One way to reduce stress is through education, 63 percent of plan participants would like more education and advice from their employers on how to reach their retirement goals. This desire is highest among Millennials, 73 percent of which desire more education. Providing a financial wellness program for employees can help create a holistic financial plan that provides services such as financial planning, investment advice, meeting with financial advisors and debt elimination or consolidation tools. Highly stressed workers find these tools helpful as they are aware they are not taking action to rectify their financial situation.⁶

Health Wellness Programs

Along with financial wellness programs, employers may consider implementing health-focused wellness programs. Health wellness programs promote a healthy lifestyle. These workplace programs can consist of healthy activities and benefits such as lunch time walking clubs, healthy snacks in the break room, discounts on gym memberships or incentives for meeting health goals.

Encouraging physical activity amongst employees is an easy way to improve employee health. Exercise releases endorphins in the brain and is proven to lower stress levels as well as lower the symptoms associated with mild depression and anxiety. Alongside mental benefits, exercise helps relax muscles and relieve tension in the body. Exercise provides mental and physical relief from the effects of stress and helps employees focus and increase productivity.

Company Culture

Company culture can make or break employee health and happiness. Adding a little fun to the workplace can make a world of difference for stress levels and mental health. Having fun at work may sound distracting, but it has been proven to help employees accomplish more, extend more help to co-workers, improve pride in the organization, grow job engagement and encourage employees to be more creative. “With people spending more and more of their lives at work, they feel they might as well make it enjoyable, and our study finds surprising payoffs when they do,” said Erin Fluegge Woolf, who conducted a study on fun in the workplace for the University of Florida, “Not only did employees report being in better moods and more engaged in their work, they also performed better on the job.”⁷

An untraditional way to decrease stress, increase physical activity and improve productivity is to allow employees to bring their dogs to the office. Not only are dogs proven stress relievers, but they force the owner to get moving when they have to walk them. “Having dogs around leads to a more productive work environment and people get to know each other through the pets,” says Lisa Conklin a public relations manager at Replacements, a company that allows employees to bring their dogs to work. “If you are in a position where something is stressful, seeing that wagging tail and puppy smile brightens the day. It can turn around the whole environment.” According to a 2008 survey by the American Pet Products Manufacturers Association, companies that allow pets in the workplace have employees who are more willing to work longer hours and also a lower rate of employee absenteeism.

¹ ORC International
² New York Life Retirement Plan Service 2014 Financial Stress Survey
³ American Institute of CPAs by Harris Interactive
⁴ Milken Institute Review, An Unhealthy America: The Economic Burden of Chronic Disease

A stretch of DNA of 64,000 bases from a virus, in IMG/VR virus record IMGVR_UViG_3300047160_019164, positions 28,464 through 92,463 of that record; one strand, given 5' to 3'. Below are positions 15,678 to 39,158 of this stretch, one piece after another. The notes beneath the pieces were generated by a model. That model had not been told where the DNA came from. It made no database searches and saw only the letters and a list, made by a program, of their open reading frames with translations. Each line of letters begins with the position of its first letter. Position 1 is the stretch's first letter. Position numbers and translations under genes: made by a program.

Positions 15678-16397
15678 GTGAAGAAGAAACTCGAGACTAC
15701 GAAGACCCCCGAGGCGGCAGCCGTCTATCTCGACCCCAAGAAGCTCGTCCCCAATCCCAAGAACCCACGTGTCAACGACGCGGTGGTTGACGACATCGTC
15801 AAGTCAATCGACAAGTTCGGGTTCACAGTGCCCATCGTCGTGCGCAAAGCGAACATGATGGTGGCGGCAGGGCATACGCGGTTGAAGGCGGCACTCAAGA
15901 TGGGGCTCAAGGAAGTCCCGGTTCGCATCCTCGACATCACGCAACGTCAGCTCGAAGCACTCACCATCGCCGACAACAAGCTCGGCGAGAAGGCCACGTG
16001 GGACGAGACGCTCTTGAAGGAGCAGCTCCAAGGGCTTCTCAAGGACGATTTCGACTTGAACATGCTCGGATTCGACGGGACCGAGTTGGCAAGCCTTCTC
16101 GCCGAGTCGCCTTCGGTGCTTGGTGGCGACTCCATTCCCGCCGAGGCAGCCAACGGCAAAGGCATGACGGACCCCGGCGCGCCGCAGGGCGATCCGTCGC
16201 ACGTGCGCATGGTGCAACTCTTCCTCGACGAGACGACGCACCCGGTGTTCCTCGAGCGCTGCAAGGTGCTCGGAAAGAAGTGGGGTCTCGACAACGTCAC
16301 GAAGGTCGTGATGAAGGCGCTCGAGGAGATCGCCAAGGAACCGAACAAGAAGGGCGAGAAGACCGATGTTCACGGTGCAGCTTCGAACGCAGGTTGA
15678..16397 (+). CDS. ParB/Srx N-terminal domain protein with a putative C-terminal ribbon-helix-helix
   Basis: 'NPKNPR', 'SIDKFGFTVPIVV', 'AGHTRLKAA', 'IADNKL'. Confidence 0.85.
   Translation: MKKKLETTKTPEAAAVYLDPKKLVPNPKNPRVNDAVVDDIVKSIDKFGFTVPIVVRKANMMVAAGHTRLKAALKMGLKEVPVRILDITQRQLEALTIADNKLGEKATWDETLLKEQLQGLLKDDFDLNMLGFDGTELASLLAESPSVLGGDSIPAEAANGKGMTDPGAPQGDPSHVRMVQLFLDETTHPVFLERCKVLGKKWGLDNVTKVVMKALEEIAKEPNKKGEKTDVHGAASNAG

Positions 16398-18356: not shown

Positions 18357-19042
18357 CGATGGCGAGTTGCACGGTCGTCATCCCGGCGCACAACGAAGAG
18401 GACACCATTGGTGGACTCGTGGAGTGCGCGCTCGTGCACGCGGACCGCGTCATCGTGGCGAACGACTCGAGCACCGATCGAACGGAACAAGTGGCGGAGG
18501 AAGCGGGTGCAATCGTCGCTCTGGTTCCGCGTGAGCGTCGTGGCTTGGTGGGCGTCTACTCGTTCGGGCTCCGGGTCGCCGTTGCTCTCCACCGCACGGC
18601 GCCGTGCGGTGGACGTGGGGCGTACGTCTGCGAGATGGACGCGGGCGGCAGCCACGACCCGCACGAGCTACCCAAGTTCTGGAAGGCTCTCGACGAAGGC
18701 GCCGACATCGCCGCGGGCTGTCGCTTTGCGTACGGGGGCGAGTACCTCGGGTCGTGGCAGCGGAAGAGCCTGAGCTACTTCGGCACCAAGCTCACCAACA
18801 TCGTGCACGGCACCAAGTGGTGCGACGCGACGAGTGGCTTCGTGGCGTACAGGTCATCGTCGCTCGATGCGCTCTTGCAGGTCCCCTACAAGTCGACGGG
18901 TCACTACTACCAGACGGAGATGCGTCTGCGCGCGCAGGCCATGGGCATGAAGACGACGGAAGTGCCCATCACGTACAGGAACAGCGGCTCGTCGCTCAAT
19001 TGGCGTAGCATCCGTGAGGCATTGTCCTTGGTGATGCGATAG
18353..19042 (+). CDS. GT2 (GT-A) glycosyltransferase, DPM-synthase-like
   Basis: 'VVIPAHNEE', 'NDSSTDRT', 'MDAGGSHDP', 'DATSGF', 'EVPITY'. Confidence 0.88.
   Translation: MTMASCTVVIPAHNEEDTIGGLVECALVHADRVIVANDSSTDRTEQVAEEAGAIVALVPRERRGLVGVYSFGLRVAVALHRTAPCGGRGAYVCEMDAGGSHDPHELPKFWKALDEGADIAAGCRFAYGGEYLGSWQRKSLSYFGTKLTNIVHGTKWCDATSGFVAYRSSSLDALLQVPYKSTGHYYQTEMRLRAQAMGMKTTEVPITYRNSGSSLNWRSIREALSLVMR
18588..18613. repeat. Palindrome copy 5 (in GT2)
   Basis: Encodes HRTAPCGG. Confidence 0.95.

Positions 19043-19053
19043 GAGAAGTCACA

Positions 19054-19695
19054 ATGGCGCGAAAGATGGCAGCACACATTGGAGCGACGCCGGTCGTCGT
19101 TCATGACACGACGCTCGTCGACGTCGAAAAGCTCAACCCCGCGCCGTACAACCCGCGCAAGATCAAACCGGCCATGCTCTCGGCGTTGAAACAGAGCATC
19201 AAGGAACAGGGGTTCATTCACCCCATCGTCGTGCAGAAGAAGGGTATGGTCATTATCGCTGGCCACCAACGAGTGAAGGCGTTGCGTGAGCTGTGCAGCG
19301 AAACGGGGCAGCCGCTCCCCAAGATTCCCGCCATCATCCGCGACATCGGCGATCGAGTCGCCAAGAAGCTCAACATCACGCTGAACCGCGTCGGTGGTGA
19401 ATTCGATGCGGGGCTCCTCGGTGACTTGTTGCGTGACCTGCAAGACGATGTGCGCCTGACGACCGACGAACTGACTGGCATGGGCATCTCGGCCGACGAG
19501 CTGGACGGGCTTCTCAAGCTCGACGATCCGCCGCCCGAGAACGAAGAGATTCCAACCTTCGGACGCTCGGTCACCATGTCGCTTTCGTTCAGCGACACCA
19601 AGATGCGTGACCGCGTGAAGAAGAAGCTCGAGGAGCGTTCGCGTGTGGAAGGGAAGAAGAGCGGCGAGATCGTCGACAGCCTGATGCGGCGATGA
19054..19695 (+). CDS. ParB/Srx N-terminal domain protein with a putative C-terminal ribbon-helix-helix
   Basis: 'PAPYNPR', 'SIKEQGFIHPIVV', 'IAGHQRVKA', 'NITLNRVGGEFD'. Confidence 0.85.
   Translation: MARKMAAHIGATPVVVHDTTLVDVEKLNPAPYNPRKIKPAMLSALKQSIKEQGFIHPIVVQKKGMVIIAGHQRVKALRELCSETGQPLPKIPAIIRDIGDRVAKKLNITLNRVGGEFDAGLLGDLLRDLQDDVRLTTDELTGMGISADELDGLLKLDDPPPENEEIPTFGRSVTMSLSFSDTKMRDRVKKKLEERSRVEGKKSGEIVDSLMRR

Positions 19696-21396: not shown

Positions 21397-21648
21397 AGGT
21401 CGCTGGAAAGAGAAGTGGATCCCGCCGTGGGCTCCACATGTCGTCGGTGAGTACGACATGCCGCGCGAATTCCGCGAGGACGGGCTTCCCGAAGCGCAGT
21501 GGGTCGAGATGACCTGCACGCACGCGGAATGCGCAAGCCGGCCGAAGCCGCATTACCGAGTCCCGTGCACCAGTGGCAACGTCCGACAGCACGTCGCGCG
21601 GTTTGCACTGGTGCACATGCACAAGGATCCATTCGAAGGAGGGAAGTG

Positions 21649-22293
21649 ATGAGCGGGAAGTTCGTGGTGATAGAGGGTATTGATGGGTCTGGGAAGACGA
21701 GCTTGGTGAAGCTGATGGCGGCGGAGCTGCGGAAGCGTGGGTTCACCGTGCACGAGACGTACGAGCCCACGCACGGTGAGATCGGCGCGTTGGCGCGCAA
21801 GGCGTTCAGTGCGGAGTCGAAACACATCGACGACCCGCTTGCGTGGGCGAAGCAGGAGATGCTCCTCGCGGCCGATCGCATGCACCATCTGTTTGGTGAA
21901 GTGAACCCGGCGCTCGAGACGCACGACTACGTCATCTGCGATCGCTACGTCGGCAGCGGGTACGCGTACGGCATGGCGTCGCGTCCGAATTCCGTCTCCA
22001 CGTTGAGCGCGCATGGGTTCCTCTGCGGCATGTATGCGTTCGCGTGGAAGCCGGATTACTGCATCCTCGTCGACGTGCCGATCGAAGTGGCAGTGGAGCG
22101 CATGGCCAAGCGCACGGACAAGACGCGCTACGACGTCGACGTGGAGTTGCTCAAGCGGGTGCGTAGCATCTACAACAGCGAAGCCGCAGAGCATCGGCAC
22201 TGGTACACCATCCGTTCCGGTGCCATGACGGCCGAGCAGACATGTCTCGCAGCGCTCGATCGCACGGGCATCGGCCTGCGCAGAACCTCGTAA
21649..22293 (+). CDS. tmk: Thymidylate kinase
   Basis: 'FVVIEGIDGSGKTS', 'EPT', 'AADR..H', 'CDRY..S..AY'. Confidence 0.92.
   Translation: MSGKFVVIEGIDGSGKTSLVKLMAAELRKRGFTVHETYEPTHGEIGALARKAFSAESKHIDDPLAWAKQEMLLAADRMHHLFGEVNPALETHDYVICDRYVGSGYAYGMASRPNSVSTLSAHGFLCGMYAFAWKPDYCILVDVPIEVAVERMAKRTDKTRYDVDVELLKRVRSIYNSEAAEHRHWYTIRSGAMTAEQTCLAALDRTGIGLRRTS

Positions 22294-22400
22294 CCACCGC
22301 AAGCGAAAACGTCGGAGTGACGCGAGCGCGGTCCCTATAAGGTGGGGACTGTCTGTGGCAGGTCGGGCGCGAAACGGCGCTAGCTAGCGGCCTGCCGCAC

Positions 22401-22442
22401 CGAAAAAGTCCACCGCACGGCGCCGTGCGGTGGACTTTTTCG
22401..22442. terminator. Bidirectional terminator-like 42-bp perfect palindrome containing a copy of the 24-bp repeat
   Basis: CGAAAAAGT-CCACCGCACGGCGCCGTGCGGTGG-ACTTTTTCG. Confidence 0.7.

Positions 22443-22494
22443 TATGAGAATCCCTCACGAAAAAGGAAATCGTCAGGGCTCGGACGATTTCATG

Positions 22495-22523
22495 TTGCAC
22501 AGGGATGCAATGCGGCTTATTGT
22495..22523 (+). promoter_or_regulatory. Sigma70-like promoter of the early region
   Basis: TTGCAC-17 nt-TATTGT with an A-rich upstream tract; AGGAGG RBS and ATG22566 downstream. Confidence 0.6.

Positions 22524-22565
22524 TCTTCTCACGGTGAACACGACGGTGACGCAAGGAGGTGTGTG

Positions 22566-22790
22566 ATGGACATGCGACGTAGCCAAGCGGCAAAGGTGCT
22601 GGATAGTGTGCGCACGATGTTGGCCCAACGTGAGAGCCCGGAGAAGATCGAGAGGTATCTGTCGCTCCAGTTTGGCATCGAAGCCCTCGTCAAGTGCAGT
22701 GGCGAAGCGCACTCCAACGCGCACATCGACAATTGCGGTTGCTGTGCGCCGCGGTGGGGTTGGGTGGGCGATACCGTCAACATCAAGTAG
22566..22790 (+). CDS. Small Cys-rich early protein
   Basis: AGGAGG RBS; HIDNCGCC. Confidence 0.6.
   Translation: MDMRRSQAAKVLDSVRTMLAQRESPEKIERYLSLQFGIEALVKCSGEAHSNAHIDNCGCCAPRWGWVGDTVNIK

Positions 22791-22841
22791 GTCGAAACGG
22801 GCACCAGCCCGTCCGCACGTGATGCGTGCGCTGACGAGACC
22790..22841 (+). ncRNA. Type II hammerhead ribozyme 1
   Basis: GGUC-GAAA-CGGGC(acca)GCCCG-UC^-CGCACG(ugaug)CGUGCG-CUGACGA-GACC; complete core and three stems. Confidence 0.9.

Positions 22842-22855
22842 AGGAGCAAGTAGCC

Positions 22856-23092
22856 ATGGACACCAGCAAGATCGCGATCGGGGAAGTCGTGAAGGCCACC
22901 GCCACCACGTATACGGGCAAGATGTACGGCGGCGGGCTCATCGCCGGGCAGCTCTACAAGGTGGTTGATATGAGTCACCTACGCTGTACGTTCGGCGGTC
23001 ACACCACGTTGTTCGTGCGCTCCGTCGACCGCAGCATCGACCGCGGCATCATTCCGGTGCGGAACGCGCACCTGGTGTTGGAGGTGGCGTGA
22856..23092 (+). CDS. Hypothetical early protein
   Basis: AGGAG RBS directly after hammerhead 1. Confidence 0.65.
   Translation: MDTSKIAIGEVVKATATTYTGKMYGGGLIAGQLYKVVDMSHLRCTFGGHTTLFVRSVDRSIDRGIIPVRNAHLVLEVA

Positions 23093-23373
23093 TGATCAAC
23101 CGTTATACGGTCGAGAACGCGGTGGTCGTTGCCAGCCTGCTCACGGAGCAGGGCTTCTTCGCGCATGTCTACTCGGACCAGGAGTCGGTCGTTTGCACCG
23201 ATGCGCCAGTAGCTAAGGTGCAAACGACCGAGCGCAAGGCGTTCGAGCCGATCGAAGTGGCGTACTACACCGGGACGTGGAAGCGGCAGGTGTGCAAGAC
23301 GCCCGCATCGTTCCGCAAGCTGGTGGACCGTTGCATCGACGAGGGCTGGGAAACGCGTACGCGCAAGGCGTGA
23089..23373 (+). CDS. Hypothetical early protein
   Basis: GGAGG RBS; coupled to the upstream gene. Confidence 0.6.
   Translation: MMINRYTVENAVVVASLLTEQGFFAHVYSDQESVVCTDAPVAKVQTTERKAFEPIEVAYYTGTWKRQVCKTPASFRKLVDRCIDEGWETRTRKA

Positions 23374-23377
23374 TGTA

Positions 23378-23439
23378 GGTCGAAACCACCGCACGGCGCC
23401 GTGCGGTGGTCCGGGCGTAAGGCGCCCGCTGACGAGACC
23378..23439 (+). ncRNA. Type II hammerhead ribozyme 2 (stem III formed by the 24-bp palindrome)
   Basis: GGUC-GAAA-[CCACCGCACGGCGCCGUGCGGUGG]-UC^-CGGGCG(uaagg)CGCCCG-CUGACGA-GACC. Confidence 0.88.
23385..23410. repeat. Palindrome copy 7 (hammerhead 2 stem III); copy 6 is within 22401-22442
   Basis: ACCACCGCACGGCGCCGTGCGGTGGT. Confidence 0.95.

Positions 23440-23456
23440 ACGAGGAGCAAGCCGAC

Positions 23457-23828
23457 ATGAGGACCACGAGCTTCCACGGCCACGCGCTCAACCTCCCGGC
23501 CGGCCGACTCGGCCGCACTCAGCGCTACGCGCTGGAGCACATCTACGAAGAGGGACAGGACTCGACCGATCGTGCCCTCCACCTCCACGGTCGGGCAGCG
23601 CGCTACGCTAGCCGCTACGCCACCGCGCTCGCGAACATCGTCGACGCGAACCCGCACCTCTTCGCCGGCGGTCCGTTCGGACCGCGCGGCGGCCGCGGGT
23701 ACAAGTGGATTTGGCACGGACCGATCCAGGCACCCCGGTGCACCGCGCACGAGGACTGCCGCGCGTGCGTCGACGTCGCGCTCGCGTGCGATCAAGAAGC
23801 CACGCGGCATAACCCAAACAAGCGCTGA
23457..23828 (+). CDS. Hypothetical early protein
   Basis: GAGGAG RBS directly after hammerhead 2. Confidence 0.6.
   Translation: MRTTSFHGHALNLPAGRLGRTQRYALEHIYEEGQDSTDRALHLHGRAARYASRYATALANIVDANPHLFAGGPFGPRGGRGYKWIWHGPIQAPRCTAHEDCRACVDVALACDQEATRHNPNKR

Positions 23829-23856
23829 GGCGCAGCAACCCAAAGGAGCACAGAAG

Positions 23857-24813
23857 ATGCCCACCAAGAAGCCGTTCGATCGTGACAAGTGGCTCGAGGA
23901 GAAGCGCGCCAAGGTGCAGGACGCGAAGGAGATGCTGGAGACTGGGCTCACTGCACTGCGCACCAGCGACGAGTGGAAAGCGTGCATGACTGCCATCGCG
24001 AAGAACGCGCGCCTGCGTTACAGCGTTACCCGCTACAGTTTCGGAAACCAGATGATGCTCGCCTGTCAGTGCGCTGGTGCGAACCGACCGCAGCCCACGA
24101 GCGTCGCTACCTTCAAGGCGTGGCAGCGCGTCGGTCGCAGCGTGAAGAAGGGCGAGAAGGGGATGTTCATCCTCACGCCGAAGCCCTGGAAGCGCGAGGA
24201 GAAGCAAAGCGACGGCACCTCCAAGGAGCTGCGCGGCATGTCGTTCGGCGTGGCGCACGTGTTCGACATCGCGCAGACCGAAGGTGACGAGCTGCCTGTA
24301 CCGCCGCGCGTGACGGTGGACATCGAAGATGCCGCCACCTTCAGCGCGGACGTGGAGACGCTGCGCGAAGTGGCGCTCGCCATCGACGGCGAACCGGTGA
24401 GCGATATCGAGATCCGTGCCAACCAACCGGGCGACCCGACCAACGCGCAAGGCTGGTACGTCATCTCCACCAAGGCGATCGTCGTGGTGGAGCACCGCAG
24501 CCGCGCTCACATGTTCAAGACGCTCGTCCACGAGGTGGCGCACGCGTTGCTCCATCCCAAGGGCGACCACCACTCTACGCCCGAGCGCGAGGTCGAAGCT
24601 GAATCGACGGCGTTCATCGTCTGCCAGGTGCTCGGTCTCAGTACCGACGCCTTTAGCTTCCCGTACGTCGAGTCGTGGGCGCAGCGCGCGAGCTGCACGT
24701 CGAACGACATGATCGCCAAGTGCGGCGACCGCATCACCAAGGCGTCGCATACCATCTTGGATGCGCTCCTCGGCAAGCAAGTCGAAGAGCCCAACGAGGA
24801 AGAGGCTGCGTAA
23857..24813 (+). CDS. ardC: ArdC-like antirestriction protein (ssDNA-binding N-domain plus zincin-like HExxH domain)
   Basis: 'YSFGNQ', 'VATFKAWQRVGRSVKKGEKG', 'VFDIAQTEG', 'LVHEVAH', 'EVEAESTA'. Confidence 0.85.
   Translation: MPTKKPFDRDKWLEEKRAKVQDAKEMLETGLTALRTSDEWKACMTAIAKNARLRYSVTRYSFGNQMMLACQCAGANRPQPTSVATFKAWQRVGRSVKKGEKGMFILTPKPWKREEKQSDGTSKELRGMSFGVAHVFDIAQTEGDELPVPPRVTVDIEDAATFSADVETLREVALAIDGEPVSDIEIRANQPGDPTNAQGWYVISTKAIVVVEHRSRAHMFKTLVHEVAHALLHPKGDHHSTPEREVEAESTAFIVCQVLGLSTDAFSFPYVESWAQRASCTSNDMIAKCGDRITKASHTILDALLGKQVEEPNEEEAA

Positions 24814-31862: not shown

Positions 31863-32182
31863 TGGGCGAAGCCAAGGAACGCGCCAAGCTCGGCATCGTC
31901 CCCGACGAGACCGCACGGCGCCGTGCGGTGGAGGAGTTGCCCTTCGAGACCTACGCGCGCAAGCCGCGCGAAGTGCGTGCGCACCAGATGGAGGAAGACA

⁵ Harvard Business Review, Presenteeism: At Work-But Out of It
⁶ 15th Annual Transamerica Retirement Survey of Workers
⁷ News University of Florida

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Have You Considered a Non-Qualified Plan Lately?

Tired of getting retirement plan refunds or not allowing your highly compensated employees to save enough for retirement? A non-qualified plan is not subject to the requirements of ERISA. As a result, these plans are designed to be discriminatory by favoring highly compensated employees and can accomplish three primary
goals: 1) recruit, 2) retain, and 3) reward the key talent of the organization.

Not all non-qualified plans are created equal and are extremely flexible regarding cost, plan design, and investments. Regardless if you are a C-Corp, S-Corp, LLC, or LLP, your plan consultant can discuss the variety of non-qualified plans that make the most sense to help you accomplish your goals. In addition, if you do have a non-qualified plan, we can help evaluate your current plan to help ensure overall best practices. Our services range from investment analysis, plan design, funding analysis, employee communications, and more.

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Record Retention: What to Keep and for How Long

When it comes to plan-related document storage remember that your primary goal should be to preserve materials in a format allowing for quick and easy retrieval. It’s appropriate to store plan records electronically whenever possible. Also, be sure to retain an executed copy (or countersigned copy, as applicable) of each record and not the unsigned original that may have been sent to you for signature. While most providers can
provide reports and current plan documents, the plan administrator remains ultimately responsible for retaining adequate records that support the plan document reports and filings.

*For litigation purposes, we recommend that documents be retained indefinitely.

If you have questions, contact Everhart Advisors via phone at 614.717.9705 or via e-mail at

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Communication Corner: Stress in the Workplace

This month’s employee memo discusses the effects of financial stress on employee health and productivity.

Memo: Stress in the Workplace